Given that “Phenomenal” formed part of “Pacific Standard Time: Art in L.A., 1945–1980,” it is perhaps significant that no dates were included in its title. The movement’s keywords were here presented as timeless, even sublime things—which is how many of these artists understood their work as well. Turning away from collective experience, they made anechoic chambers and primordial craters privileged sites of isolated experience, laboratories in which vision might be truly understood. Such an interest in pure perception may seem at odds with how many of the “Phenomenal” artists joined up with the vanguard of technology, collaborating with the plastics and aerospace industries and learning from their styles and techniques. Arguably, light and space never functioned so much as media for these artists as did polyester, acrylic, neon, and vacuum-coated glass—even if they thought these materials were just means to an end. As a result, several of these artists look like latter-day versions of Naum Gabo and Antoine Pevsner, whose streamlined sculptures helped usher in a new phase of what might be called capitalist constructivism. “There will be something akin to the work of Gabo and Pevsner in tomorrow’s auto, tomorrow’s store front, and perhaps tomorrow’s vacuum cleaner,” an astute critic wrote in 1948. The same has rung true for Turrell, Wheeler, and Co. By paying more attention to artists’ visions than to the material environment of which they were a part, then, “Phenomenal” declined to fully articulate the historicity of its moment. Instead, one was led to believe that Plexiglas and tungsten lights might actually have transcendental properties.

Happily, a few pathways out of the sublime were made available in the exhibition. Craig Kauffman’s big throbbing pink plastic Untitled, 1968, served as one Pop-friendly and sci-fi-savvy antidote. More antagonistically, Bruce Nauman’s Green Light Corridor, 1970, one of the few works in the show to overtly emphasize the relationship between embodiment and vision, presented viewers with a claustrophobic passageway suffused in green light. Once they had squeezed through to the far side, a pink after­image allowed them to see the world (and the ocean view framed by Irwin’s 1° 2° 3° 4°, 1997) as if through cheap rose-colored glasses. The enveloping experience of Eric Orr’s Zero Mass, 1972–73, a pitch-black room wrapped in photographer’s seamless background paper, similarly evoked feelings closer to anxious panic than the Zen-like blankness that the artist intended. Several projects by Maria Nordman (who unfortunately chose not to participate in the exhibition) would have activated the space in other ways. The emphasis on collective interaction throughout her practice would, moreover, have suggested the generative site that Light and Space once was for many artists, if only as something to be “socialized,” rebelled against, and revised.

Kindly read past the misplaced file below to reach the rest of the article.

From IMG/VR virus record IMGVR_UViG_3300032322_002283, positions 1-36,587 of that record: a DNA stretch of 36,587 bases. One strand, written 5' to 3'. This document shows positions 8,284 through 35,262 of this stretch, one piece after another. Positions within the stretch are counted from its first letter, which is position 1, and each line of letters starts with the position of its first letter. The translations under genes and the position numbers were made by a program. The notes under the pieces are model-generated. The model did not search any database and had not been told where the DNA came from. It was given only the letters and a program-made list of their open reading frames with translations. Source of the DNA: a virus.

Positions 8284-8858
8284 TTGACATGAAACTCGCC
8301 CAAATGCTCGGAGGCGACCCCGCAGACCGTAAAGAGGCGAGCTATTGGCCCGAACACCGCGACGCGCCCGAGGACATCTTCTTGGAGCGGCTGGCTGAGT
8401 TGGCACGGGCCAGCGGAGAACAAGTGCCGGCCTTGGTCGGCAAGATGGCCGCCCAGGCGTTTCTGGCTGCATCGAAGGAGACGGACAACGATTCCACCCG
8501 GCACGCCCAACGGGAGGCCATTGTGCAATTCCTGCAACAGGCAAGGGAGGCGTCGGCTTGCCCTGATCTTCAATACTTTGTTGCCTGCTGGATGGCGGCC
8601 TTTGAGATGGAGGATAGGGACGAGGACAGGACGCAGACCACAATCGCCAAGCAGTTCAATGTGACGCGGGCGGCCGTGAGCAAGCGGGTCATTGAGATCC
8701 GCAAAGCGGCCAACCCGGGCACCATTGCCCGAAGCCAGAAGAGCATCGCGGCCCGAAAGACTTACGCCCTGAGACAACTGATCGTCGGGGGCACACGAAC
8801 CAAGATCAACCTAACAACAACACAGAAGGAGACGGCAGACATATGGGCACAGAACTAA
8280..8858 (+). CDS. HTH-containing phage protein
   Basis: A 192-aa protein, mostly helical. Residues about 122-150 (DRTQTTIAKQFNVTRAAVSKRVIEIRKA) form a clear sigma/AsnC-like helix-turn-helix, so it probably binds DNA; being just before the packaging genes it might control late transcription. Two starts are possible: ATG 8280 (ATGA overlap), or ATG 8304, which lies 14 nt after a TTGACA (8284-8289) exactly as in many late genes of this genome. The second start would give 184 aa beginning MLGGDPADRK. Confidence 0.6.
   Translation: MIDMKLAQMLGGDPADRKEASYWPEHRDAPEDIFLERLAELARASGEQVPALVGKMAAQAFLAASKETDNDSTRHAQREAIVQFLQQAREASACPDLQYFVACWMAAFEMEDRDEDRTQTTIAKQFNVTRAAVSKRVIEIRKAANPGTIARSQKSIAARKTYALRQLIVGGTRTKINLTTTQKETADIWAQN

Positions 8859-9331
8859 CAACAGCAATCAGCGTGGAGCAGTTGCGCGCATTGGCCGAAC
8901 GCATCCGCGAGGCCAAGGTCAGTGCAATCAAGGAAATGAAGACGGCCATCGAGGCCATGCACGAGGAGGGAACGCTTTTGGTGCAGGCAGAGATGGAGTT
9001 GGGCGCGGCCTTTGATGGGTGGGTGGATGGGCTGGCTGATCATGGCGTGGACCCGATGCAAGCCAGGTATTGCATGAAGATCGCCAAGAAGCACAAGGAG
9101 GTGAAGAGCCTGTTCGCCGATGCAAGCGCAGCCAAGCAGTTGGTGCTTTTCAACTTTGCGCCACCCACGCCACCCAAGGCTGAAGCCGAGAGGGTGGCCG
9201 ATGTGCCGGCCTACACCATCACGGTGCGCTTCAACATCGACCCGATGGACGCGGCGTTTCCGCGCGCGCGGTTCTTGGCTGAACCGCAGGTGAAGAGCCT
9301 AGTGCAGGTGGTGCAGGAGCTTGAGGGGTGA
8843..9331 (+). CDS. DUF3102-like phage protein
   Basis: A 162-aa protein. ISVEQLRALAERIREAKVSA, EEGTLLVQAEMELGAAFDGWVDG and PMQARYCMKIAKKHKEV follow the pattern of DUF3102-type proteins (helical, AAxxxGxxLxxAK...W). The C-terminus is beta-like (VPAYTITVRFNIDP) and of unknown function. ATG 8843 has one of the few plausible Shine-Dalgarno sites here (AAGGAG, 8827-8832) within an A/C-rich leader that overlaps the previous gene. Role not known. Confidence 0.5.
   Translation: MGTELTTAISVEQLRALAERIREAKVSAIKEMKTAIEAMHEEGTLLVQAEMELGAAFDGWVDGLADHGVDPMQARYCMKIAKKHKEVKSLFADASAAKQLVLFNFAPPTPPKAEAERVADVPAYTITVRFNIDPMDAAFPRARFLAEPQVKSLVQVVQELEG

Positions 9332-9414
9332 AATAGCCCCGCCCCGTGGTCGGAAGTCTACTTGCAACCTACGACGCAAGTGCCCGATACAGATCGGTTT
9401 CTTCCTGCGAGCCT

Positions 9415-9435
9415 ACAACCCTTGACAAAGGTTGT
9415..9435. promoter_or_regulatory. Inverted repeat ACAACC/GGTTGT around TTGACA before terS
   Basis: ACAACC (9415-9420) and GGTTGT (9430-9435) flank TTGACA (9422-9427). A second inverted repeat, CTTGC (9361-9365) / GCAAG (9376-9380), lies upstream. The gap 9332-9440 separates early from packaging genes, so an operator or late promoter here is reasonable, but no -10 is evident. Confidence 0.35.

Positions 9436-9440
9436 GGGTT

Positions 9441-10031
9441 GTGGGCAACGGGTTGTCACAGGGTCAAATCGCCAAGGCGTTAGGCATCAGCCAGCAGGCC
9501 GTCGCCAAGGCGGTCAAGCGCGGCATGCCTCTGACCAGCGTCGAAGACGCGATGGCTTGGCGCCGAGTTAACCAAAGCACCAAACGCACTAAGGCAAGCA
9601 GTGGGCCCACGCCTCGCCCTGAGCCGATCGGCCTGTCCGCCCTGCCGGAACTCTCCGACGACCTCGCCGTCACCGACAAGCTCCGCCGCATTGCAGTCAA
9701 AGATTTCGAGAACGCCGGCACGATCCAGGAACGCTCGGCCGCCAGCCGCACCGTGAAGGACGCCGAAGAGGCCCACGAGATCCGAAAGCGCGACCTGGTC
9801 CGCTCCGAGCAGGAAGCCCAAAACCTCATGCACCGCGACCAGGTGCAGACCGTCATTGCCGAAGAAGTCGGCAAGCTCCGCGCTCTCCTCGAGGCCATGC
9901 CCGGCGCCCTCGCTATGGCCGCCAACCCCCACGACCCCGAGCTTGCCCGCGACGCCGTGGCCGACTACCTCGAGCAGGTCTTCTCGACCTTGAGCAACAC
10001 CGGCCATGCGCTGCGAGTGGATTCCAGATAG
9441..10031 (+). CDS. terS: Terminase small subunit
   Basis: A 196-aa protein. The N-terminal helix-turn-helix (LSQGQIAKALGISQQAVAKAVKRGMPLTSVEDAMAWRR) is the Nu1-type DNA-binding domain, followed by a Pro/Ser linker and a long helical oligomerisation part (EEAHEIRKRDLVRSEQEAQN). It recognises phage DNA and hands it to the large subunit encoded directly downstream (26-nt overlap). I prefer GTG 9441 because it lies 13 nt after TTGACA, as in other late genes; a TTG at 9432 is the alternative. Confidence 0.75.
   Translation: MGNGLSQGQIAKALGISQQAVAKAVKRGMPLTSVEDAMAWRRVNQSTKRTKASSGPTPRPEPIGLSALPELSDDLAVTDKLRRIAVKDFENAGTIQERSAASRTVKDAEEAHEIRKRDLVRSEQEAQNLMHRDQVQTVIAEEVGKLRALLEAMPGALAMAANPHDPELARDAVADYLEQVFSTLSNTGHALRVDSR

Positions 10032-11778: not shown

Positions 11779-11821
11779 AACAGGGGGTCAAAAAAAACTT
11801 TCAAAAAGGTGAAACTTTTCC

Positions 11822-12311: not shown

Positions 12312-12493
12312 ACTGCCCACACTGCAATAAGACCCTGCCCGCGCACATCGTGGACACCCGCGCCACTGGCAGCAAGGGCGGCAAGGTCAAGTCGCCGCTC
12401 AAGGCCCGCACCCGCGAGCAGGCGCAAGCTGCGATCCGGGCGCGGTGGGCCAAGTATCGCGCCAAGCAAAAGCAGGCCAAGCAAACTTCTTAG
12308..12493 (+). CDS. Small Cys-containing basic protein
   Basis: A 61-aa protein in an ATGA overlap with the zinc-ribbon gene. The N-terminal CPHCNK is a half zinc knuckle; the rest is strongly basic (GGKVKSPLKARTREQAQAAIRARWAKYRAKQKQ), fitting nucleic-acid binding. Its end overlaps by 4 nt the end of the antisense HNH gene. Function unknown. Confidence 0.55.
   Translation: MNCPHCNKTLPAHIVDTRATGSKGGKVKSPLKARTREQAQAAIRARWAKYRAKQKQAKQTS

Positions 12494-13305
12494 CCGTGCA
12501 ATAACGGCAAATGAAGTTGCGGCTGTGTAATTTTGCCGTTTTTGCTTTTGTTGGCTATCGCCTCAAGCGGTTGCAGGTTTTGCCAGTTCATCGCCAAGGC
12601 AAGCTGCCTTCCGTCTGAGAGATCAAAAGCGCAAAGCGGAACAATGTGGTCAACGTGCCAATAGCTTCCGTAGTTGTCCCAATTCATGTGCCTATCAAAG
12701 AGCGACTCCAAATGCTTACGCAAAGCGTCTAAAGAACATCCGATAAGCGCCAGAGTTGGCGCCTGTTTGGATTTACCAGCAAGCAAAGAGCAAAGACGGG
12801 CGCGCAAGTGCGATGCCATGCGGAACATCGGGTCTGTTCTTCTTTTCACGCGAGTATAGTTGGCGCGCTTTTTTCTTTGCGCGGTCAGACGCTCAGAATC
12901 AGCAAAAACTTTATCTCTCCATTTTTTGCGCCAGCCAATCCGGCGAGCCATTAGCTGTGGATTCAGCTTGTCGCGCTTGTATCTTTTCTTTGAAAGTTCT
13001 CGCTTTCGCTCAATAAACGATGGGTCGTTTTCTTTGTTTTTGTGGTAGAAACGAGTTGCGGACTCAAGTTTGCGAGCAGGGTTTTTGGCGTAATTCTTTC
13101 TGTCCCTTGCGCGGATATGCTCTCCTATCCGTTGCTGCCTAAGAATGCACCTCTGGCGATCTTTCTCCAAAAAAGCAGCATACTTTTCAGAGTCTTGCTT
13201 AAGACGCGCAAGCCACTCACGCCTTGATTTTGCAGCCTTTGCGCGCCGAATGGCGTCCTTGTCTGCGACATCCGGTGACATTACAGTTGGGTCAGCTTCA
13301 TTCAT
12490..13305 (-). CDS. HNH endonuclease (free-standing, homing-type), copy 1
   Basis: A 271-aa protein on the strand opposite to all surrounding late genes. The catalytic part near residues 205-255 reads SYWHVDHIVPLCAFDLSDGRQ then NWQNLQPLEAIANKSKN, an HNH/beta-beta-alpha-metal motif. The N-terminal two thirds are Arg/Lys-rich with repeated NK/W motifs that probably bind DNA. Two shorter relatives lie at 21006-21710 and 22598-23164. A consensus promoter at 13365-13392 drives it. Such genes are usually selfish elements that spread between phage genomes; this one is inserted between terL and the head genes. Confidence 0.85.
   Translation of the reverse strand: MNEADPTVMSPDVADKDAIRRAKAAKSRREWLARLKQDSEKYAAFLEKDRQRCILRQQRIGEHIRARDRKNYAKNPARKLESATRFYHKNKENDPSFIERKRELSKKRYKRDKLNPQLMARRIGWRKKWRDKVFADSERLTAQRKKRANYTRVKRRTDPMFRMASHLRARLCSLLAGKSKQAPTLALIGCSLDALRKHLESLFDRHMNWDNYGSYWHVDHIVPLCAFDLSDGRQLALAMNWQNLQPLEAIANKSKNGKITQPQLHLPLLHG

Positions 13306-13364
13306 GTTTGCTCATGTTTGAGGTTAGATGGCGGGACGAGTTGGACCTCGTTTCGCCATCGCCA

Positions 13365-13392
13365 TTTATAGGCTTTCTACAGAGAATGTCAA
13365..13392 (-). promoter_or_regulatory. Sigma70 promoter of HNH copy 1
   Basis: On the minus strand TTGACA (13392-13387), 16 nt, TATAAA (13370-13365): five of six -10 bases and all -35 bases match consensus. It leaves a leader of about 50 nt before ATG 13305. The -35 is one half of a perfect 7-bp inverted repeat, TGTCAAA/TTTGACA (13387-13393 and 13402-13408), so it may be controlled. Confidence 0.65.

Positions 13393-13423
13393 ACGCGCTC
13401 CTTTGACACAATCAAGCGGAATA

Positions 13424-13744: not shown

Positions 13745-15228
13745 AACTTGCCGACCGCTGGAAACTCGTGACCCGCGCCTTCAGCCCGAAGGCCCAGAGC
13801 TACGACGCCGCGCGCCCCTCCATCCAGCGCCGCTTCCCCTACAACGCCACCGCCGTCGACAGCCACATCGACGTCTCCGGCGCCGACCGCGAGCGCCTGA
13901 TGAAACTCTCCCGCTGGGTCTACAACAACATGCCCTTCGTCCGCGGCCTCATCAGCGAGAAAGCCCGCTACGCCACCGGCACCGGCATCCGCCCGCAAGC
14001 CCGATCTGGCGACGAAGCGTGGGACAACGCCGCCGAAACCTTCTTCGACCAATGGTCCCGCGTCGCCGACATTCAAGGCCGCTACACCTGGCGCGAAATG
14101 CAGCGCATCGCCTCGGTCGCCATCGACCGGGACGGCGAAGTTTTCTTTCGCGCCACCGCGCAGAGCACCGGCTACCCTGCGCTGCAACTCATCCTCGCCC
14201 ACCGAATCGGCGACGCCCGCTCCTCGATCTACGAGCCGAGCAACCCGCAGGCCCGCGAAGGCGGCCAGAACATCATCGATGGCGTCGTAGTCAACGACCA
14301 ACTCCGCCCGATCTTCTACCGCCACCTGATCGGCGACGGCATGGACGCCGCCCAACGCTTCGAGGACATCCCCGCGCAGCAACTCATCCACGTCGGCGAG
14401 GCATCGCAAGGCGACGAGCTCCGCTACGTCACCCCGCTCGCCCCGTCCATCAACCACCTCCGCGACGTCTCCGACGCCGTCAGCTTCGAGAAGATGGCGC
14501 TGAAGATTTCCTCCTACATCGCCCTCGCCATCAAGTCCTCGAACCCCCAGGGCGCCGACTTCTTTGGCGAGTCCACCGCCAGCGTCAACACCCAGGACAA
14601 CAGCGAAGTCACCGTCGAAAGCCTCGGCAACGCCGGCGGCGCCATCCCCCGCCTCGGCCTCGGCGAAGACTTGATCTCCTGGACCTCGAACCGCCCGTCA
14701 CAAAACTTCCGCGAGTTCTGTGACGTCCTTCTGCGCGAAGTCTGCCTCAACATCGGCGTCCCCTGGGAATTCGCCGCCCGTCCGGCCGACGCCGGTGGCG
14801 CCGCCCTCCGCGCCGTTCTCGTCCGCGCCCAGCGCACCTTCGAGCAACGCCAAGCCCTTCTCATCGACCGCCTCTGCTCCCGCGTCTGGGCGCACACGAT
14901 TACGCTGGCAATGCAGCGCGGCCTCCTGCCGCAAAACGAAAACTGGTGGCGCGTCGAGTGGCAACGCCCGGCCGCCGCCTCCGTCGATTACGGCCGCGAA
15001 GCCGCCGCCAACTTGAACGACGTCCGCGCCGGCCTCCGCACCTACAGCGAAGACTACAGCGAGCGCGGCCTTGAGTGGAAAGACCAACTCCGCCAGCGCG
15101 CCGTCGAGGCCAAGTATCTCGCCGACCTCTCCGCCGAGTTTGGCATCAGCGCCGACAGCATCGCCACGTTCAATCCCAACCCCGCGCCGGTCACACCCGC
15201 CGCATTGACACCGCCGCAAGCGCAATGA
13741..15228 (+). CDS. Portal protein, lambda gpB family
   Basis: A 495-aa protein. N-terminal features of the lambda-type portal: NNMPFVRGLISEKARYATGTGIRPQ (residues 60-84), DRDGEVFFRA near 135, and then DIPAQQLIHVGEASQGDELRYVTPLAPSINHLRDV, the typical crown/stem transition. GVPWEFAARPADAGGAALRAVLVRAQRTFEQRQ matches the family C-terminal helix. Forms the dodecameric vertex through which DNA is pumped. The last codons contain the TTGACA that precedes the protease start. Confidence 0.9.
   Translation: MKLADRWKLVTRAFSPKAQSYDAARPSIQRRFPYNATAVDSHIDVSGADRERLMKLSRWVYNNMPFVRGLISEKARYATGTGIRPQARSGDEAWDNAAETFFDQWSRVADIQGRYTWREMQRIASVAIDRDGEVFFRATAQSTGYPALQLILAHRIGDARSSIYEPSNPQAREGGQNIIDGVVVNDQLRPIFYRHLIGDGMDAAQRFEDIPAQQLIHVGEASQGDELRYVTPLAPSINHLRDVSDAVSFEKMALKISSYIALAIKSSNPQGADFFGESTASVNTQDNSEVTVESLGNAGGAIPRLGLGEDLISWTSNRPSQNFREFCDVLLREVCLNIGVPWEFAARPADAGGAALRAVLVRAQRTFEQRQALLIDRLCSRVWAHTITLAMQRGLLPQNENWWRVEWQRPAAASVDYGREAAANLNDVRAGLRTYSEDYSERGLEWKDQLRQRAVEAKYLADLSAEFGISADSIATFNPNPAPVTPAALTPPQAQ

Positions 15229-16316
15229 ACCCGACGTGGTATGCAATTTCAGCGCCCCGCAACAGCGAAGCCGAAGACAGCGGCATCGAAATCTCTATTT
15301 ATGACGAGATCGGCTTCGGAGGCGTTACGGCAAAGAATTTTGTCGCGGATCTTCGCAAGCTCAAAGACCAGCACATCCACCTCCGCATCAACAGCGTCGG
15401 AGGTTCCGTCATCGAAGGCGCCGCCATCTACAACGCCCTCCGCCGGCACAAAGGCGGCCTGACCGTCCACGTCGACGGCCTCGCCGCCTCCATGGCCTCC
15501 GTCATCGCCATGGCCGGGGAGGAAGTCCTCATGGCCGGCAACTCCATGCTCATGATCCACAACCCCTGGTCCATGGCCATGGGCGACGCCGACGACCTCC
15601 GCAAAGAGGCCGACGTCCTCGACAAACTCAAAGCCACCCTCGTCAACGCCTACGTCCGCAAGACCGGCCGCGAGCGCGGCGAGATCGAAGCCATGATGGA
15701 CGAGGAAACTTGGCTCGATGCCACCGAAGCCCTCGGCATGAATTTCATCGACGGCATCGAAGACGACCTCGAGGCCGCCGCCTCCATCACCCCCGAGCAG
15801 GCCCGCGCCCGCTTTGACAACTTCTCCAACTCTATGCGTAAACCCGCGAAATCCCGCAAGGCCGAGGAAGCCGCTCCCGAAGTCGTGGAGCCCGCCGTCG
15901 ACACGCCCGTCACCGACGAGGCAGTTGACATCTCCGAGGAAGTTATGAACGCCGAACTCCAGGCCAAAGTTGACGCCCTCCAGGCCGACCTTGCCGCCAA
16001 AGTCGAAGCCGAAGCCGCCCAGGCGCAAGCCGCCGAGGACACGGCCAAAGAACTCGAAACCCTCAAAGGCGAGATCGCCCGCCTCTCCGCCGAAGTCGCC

In part because of such omissions, the power of Light and Space here appeared most profound when considered as a prototype for twenty-first-century production. Devoid of information, inept at communication, and fearful of touch, these works nevertheless manage to seduce. In spite of itself, the exhibition showed that their allure was achieved not through the elemental attractions of light and space, but rather through the manipulation of materials and surfaces: In the very proximity of these works’ effects to regimes of contemporary design, one could not but draw parallels with the smoothness and blankness that so feverishly attracts us in products and interfaces today.

Alex Kitnick is a 2011–2012 fellow at the Getty Research Institute in Los Angeles.